Monday, July 7, 2008

Christianity does not work

We live in a pragmatic culture. A thing's value is determined almost exclusively on the basis of whether or not it does what I want it to do. Will it increase my sense of well-being and pleasure? Will it advance my carreer? Will it make my kids obedient and happy? Will it make my spouse more responsive to my needs? These are the criteria by which modern consumers judge everything from restaurants, health clubs, neighborhoods, and religion. Knowing this reality, many within the church growth movement seek to appeal to today's consumers by promising a Jesus and a Christianity that will do all these things and more. "Does it work?" has replaced "Is it true?" as the key question.

As a result it has become all the more necessary to warn those who would come to Christ that they must come to Him as Savior and Lord not life coach, therapist, or guarantor of success. We must warn those who come to Christ for any other reason than forgiveness of sins and justification before God that Christianity does not work. Become a Christian and you may not be healed. Your marriage may not get fixed. Your children may not become well adjusted. You may still lose your job. Of course this will only matter to those who believe that loss of one's carreer is worse than loss of one's soul.

In his book Made In America Michael Horton writes:
"In The Magician's Nephew, C.S. Lewis writes, 'Now that she was left alone with the children, she took no notice of either of them. And that was like her too. In Charn she had taken no notice of Polly (till the very end) because Digory was the one she wanted to make use of. Now that she had Uncle Andrew, she took no notice of Digory. I expect most witches are like that. They are not interested in things or people unless they can use them; they are terribly practical.' This sounds all too familiar when we think of how we view our relationship with God and others. We are all incredibly utilitarian...Like a new bug spray, God has to pass the test of utility for admission into the marketplace. How does God help me get what I want quickly, efficiently, easily, and with minimal cost?...

"In many ways, Christianity doesn't work. It has ruined some crafty businessmen like Zacchaeus, who, by becoming a Christian, ended up giving half of his estate to the poor and paying back those he had cheated four times the amount he had stolen.

"It is this God in whom a woman, Joni Eareckson Tada, placed her trust even though he had included in his mysterious plan a swimming accident that would leave her paralyzed. Without that tragedy, the contemporary Christian witness would be poorer. Not only did God not cancel the accident; he did not heal her, even after she sought healing earnestly."

It is true that Jesus sets us free indeed. It is true that Jesus gives us more than salvation at the end of time. Jesus gives life abundant while we are still south of heaven. But in the ears of the unconverted and, unfortunately, many of the converted this means health, wealth, and pleasant circumstances now. But Scripture and two thousand years worth of faithful Christian witness clearly contradict this. Jesus is not my vending machine nor is He God's customer service representative. He is my Savior. By His own perfect obedience, sacrificial death, and glorious resurrection He has justified me before a holy God. Even now he prepares a place for me where I will dwell with him and the whole host of God's people in unspeakable joy. Whatever other blessings He grants me in this brief life, while certainly welcome, cannot compare to the glory to be revealed in the last day.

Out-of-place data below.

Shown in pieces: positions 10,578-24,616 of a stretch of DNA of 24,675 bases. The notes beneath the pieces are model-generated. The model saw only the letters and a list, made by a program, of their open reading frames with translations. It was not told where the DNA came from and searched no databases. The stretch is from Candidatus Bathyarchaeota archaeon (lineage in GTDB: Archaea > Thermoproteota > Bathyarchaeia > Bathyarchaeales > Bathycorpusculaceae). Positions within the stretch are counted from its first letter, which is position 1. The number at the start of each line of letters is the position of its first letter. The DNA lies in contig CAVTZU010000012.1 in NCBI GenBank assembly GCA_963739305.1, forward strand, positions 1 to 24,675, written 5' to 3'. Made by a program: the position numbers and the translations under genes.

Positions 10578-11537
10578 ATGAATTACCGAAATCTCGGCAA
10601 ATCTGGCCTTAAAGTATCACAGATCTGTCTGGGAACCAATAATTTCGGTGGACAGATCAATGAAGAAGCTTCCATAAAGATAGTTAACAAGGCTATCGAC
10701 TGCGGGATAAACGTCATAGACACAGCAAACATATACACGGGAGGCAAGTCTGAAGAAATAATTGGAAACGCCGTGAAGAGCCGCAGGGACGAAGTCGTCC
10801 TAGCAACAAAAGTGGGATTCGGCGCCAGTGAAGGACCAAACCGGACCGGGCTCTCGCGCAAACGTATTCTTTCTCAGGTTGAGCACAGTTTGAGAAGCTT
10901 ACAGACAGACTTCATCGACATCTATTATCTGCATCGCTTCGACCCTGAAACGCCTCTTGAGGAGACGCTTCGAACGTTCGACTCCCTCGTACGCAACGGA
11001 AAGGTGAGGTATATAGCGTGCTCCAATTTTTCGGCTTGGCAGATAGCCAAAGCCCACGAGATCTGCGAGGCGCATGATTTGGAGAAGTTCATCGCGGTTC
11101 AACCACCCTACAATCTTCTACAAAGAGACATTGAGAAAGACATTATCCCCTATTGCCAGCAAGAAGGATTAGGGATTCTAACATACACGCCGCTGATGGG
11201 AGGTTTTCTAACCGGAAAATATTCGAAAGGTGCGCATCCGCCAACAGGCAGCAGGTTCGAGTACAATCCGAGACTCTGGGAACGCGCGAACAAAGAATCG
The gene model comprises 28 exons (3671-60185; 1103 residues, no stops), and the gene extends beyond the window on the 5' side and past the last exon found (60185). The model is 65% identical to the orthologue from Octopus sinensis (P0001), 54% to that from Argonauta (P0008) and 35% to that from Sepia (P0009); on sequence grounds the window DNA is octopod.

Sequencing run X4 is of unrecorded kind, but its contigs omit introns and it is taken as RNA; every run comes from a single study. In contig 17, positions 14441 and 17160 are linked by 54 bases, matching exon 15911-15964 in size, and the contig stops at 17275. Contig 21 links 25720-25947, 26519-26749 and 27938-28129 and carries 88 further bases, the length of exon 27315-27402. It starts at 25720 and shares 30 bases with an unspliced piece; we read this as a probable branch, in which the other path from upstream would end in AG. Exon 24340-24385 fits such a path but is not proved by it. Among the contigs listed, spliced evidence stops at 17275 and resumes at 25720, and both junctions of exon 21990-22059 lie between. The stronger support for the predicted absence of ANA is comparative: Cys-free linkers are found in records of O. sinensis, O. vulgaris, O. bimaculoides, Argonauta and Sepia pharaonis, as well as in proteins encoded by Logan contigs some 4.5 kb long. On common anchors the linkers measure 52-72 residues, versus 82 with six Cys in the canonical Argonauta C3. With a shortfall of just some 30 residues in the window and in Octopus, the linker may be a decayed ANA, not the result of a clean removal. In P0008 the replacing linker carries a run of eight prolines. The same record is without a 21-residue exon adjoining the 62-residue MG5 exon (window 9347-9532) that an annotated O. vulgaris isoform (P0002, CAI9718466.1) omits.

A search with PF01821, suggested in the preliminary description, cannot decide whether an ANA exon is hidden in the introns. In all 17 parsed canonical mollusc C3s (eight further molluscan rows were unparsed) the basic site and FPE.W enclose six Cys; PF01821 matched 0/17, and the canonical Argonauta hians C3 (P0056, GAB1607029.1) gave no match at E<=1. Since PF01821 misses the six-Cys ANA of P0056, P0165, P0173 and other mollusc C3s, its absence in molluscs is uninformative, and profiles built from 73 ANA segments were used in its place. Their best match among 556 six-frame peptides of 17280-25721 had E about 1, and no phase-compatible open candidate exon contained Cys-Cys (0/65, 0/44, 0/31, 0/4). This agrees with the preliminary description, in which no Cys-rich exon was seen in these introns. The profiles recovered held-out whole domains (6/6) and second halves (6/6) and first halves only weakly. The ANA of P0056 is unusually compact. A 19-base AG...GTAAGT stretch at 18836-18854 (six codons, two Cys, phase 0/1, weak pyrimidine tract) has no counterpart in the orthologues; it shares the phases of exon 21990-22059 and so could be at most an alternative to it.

Take and Read:
When God Weeps by Joni Eareckson Tada
Too Good to be True by Michael Horton
Deserted by God? by Sinclair Ferguson
Shattered Dreams by Larry Crabb


Pete Morris said...

This "selfishly using people" insidiously subverts all our relationships - each other and God. It parades without fear of discovery or disclosure or confession in the church as well as openly in the world. Were it not for such indestructible and infallible salvation we have no hope. Praise God whose Lamb was enough to save even me.

Brandon said...

You pointed out that we live in a pragmatic culture, that the test of worth and value is whether or not it brings worth or value. You claim that the replacement of 'does it work?' with 'is it true?' is a bad thing. (correct me if I'm wrong) The way that I interpret what you describe as "does it work?" is coming to christ with an agenda.

I have two objections to that claim. First, as a student of religion and religious history, the judeo-christian concept of God morphed slowly over time to acommadate the needs of the believers. Originally, Yaweh was a tribal deity, a war god for the early israelites (cite Karen Armstrong, "A history of God"). As time progressed, and judaism met the philosophers of greece, Yaweh became much less directly involved in Israel's political life as that was an untenable consequence philosophically. What about the reformation led by martin Luther king, Catholic theology no longer 'worked' for him. Look more recently at the forms of christianity practiced by african american slaves in the 17th, 18th and 19th centuries and the liberation theology that has emerged in many oppressed latin american countries. THe point I am making is that religion always checks the pulse of its believers, it is in many cases a response to the life they live. For a religion to survive, it must in some sense 'work' otherwise no one would believe it anymore.

Secondly, it seems to me that coming to Christ as "lord and savior" is equally part of an agenda as coming to him as a life coach. The only difference is that what 'works' in the life coach model is how it affects your life pre-death and what 'works' in the savior and lord model is success after you die.

Todd Pruitt said...


There is so much wrong in your post it is impossible for me to deal with it adequately in this format.

I did not define pragmatism as "the test of worth and value is whether or not it brings worth or value." The point I am making in the post is that many contemporary Christians value God for the same reasons they value a particular restaurant or health club - "Will it give me what I want?"

When we come to Christ as Lord and Savior it is precisely because we have given up on our own agenda. We turn to Christ as Lord and Savior only when we realize that we are sinners in need of a Savior. This is not pragmatism. This is obedient faith.

Biblical faith is not about demanding that God meet our undisciplined felt needs. Unregenerate man does not want what God wants. He does not see himself as a sinner in need of a Savior. Therefore what he wants from religion is an over all sense of well being. It is only through the ministry of the Holy Spirit that an unregenerate person will come to see himself as a sinner.